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Job 3:9

Context

3:9 Let its morning stars 1  be darkened;

let it wait 2  for daylight but find none, 3 

nor let it see the first rays 4  of dawn,

Job 6:19

Context

6:19 The caravans of Tema 5  looked intently 6  for these streams; 7 

the traveling merchants 8  of Sheba hoped for them.

Job 11:20

Context

11:20 But the eyes of the wicked fail, 9 

and escape 10  eludes them;

their one hope 11  is to breathe their last.” 12 

1 tn Heb “the stars of its dawn.” The word נֶשֶׁף (neshef) can mean “twilight” or “dawn.” In this context the morning stars are in mind. Job wishes that the morning stars – that should announce the day – go out.

2 tn The verb “wait, hope” has the idea of eager expectation and preparation. It is used elsewhere of waiting on the Lord with anticipation.

3 tn The absolute state אַיִן (’ayin, “there is none”) is here used as a verbal predicate (see GKC 480 §152.k). The concise expression literally says “and none.”

4 sn The expression is literally “the eyelids of the morning.” This means the very first rays of dawn (see also Job 41:18). There is some debate whether it refers to “eyelids” or “eyelashes” or “eyeballs.” If the latter, it would signify the flashing eyes of a person. See for the Ugaritic background H. L. Ginsberg, The Legend of King Keret (BASORSup), 39; see also J. M. Steadman, “‘Eyelids of Morn’: A Biblical Convention,” HTR 56 (1963): 159-67.

5 sn Tema is the area of the oasis SE of the head of the Gulf of Aqaba; Sheba is in South Arabia. In Job 1:15 the Sabeans were raiders; here they are traveling merchants.

6 tn The verb נָבַט (navat) means “to gaze intently”; the looking is more intentional, more of a close scrutiny. It forms a fine parallel to the idea of “hope” in the second part. The NIV translates the second verb קִוּוּ (qivvu) as “look in hope.” In the previous verbs the imperfect form was used, expressing what generally happens (so the English present tense was used). Here the verb usage changes to the perfect form. It seems that Job is narrating a typical incident now – they looked, but were disappointed.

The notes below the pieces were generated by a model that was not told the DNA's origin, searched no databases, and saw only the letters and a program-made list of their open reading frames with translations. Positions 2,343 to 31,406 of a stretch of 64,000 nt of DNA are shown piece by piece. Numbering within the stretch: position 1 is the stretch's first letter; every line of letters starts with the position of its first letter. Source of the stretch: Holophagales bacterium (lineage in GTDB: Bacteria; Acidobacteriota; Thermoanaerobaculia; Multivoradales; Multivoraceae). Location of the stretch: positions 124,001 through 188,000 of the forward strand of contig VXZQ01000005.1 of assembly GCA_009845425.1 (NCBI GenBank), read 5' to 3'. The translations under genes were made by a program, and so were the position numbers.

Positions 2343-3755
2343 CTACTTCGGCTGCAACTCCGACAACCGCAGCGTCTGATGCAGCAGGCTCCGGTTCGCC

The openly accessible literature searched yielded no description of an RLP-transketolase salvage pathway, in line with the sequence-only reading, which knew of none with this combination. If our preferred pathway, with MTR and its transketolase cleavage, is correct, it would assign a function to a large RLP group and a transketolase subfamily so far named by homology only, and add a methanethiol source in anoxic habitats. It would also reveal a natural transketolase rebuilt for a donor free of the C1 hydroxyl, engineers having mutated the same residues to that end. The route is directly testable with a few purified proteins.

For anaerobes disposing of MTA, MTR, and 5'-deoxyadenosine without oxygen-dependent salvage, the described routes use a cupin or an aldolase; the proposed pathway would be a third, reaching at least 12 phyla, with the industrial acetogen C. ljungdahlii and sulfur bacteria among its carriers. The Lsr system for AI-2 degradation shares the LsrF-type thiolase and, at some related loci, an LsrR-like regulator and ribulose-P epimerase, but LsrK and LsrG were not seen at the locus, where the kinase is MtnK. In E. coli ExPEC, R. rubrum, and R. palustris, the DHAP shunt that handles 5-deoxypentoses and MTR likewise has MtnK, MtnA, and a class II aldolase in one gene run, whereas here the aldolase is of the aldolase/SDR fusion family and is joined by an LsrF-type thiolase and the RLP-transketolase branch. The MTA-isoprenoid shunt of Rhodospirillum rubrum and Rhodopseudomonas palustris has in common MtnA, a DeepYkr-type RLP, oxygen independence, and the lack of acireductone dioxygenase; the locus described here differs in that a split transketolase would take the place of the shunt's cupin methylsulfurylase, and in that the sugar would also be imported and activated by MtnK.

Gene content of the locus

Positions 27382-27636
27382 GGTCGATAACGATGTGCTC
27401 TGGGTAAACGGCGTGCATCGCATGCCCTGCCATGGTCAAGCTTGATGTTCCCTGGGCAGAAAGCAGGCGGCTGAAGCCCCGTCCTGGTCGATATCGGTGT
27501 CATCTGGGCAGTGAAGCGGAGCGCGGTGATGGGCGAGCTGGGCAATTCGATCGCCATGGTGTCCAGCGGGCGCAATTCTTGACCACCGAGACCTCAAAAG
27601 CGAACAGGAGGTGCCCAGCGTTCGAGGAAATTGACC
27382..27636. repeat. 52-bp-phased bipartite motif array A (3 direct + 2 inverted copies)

7 tn The words “for these streams” are supplied from context to complete the thought and make the connection with the preceding context.

8 tn In Ps 68:24 this word has the meaning of “processions”; here that procession is of traveling merchants forming convoys or caravans.

9 tn The verb כָּלָה (kalah) means “to fail, cease, fade away.” The fading of the eyes, i.e., loss of sight, loss of life’s vitality, indicates imminent death.

10 tn Heb a “place of escape” (with this noun pattern). There is no place to escape to because they all perish.

11 tn The word is to be interpreted as a metonymy; it represents what is hoped for.

12 tn Heb “the breathing out of the soul”; cf. KJV, ASV “the giving up of the ghost.” The line is simply saying that the brightest hope that the wicked have is death.



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